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New govt may kick off pesticide, seed reforms

By Sanjeeb Mukherjee
April 18, 2024 16:11 IST
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With farm Acts out of the picture, the government may look at reforming the input side of the agriculture sector — regulations and rules that govern seeds, fertilisers and plant chemicals.


Photograph: ANI Photo

Sources said such a blueprint, which is aimed at making the life of farmers easier, with quicker approvals but not compromising on quality, is in the works as part of the 100-day agenda of Modi 3.0. Also, ways to administer fertiliser subsidy more effectively and cutting down on leakages and diversions to build on the success of neem-coated urea are being thought of.


Few years back, a proposal was mooted in some quarters to conduct a pilot in a few districts of the country on a modified version of the direct benefit transfer (DBT) that would establish some sort of linkage between land holding and the nutrient’s consumption.

Currently, the version of DBT in place involves farmers purchasing their fertilisers through point of sale (POS) devices after undergoing Aadhaar authentication.

This ensures that the identity of the person, who purchases fertiliser bags, is well established.

However, there is no restriction on the number of bags that each farmer can purchase.

This sometimes leads to excess usage and chances of misuse.

In case of seeds and plant chemicals, sources said lots of reforms are urgently needed as the regulatory and app­roval process in India takes a long time.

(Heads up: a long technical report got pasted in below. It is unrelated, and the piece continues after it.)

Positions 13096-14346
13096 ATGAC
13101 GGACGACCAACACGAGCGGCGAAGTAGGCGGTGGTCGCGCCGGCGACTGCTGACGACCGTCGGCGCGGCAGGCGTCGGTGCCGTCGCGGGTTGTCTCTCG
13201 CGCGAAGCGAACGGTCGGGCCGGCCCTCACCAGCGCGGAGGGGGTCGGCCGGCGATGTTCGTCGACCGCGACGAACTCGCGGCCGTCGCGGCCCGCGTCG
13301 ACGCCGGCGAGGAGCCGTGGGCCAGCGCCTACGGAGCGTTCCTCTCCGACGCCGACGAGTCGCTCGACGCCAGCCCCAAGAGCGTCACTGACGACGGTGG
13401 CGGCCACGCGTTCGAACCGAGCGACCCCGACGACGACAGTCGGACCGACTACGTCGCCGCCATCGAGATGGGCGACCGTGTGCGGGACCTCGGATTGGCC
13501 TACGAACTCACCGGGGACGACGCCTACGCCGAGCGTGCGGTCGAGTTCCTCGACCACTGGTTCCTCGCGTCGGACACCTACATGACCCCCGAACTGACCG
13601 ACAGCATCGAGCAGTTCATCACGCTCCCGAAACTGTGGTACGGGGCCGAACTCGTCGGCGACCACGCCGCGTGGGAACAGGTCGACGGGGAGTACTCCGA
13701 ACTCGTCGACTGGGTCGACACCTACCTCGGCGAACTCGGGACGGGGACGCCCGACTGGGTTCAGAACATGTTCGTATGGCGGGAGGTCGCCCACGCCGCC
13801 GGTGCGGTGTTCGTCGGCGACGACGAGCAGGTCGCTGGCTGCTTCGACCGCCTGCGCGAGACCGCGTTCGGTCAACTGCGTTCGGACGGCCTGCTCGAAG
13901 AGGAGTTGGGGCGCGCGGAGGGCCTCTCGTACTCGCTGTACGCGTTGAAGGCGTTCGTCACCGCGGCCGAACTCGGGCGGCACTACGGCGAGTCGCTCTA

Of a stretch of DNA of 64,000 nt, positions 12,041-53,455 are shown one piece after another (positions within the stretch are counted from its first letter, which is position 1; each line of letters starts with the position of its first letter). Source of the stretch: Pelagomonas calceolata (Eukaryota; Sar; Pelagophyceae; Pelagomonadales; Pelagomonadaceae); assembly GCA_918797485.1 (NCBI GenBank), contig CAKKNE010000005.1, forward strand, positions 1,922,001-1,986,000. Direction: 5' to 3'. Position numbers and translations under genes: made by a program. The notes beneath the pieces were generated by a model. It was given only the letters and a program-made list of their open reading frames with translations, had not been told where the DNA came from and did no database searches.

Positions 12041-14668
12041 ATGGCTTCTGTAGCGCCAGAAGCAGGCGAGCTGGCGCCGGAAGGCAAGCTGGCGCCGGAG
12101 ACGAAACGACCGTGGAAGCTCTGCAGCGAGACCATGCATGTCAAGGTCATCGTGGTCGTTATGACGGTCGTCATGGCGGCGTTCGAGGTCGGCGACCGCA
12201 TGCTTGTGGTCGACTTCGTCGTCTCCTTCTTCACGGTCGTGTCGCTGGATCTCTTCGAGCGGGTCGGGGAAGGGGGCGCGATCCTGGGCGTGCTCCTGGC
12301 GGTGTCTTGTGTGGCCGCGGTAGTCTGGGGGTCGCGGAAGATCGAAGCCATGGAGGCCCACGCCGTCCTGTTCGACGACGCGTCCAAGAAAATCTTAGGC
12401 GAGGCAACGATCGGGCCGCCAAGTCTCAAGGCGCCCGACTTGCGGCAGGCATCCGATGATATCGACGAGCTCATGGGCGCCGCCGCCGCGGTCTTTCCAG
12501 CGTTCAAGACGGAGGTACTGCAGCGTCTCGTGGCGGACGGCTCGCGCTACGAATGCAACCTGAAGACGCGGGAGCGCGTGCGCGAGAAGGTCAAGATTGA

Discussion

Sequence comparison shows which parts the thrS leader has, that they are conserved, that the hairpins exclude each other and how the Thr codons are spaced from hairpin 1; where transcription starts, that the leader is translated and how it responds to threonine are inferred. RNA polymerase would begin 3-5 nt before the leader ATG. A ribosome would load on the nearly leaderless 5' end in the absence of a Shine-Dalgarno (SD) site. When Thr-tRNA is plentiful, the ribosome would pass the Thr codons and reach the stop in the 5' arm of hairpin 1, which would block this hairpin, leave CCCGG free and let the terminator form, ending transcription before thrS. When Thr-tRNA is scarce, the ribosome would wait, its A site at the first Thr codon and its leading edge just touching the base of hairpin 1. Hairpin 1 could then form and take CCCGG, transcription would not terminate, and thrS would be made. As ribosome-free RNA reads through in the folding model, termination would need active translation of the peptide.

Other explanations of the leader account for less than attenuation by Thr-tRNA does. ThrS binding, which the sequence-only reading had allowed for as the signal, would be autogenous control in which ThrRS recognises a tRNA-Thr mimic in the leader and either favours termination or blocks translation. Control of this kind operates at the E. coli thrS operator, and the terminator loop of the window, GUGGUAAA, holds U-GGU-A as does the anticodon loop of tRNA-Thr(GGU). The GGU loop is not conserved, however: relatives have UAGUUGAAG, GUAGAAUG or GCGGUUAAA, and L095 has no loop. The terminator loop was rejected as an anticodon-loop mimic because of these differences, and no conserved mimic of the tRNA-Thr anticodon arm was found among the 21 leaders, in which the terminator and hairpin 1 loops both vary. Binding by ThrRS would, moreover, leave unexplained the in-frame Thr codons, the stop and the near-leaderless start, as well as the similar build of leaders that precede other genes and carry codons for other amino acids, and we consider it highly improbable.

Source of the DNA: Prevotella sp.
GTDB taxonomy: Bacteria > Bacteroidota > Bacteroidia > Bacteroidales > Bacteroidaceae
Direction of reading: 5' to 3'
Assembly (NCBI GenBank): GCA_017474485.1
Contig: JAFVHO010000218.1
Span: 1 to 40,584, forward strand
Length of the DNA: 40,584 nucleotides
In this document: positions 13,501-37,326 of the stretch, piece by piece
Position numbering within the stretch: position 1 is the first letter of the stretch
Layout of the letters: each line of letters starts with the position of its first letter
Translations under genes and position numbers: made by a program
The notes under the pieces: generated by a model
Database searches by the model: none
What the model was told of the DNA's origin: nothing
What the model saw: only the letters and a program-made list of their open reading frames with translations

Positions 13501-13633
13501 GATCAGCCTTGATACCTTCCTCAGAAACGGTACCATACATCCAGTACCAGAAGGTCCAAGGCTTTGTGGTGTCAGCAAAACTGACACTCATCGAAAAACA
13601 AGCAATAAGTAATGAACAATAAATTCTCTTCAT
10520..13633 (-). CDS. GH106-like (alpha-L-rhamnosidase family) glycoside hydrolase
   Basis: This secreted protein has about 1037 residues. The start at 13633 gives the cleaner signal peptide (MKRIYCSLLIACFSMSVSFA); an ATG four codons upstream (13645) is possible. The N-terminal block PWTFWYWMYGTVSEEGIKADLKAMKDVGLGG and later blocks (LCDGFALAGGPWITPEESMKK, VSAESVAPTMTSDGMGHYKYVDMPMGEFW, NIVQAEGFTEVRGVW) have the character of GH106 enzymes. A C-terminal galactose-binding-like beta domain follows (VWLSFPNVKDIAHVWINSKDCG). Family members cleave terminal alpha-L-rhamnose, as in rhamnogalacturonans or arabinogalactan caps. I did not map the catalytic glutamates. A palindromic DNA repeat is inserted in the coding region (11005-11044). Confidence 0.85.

This is because it involves multiple layers.

They said the government could look at creating a favourable policy environment for the agrochemicals sector.

This would facilitate an increase in agrochemical exports and position India as an attractive destination for foreign investments.

It would also safeguard the interests of small and regional players operating in the industry.

The current process for registration of a new agrochemical molecule in India is often perceived as time-consuming, costly, and a complex procedure by the industry.

Only a few large multinational companies and leading domestic players can afford to invest in research and development (R&D) to develop new molecules and get them registered for manufacture and sale.

As a result, only around 280 molecules and 800 formulations (including combinations) are registered in India.

Compared to India, this number is double in the European Union (EU) and triple in Japan.

The industry wants reforms in the Central Insecticides Laboratory (CIL) as well to cut down on pending lists and time taken for clearance of new applications.

One of the major challenges faced by Indian agricultural exporters is the stringent rules related to pesticide residues in regions like the EU.

“Registering molecules deemed safe by major importers to abide by maximum residue limit (MRL) norms is a policy change that may boost agricultural exports in the longer term.

"MRL testing infrastructure may also be improved to provide increased access to testing at lower costs,” a senior industry player said.

Also, the problem of spurious seeds and the need for proper regulations to check their proliferation could form part of the possible reforms.

“CIL facilities, infrastructure and manpower need to be upgraded.

"Industry has offered to support the government to review and develop infrastructure and capability building.

"The industry has also offered to collaborate for sharing best practices for capacity building in CIL,” Kalyan Goswami, director general, Agro Chem Fed­eration of India (ACFI), told Business Standard.

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Sanjeeb Mukherjee
Source: source

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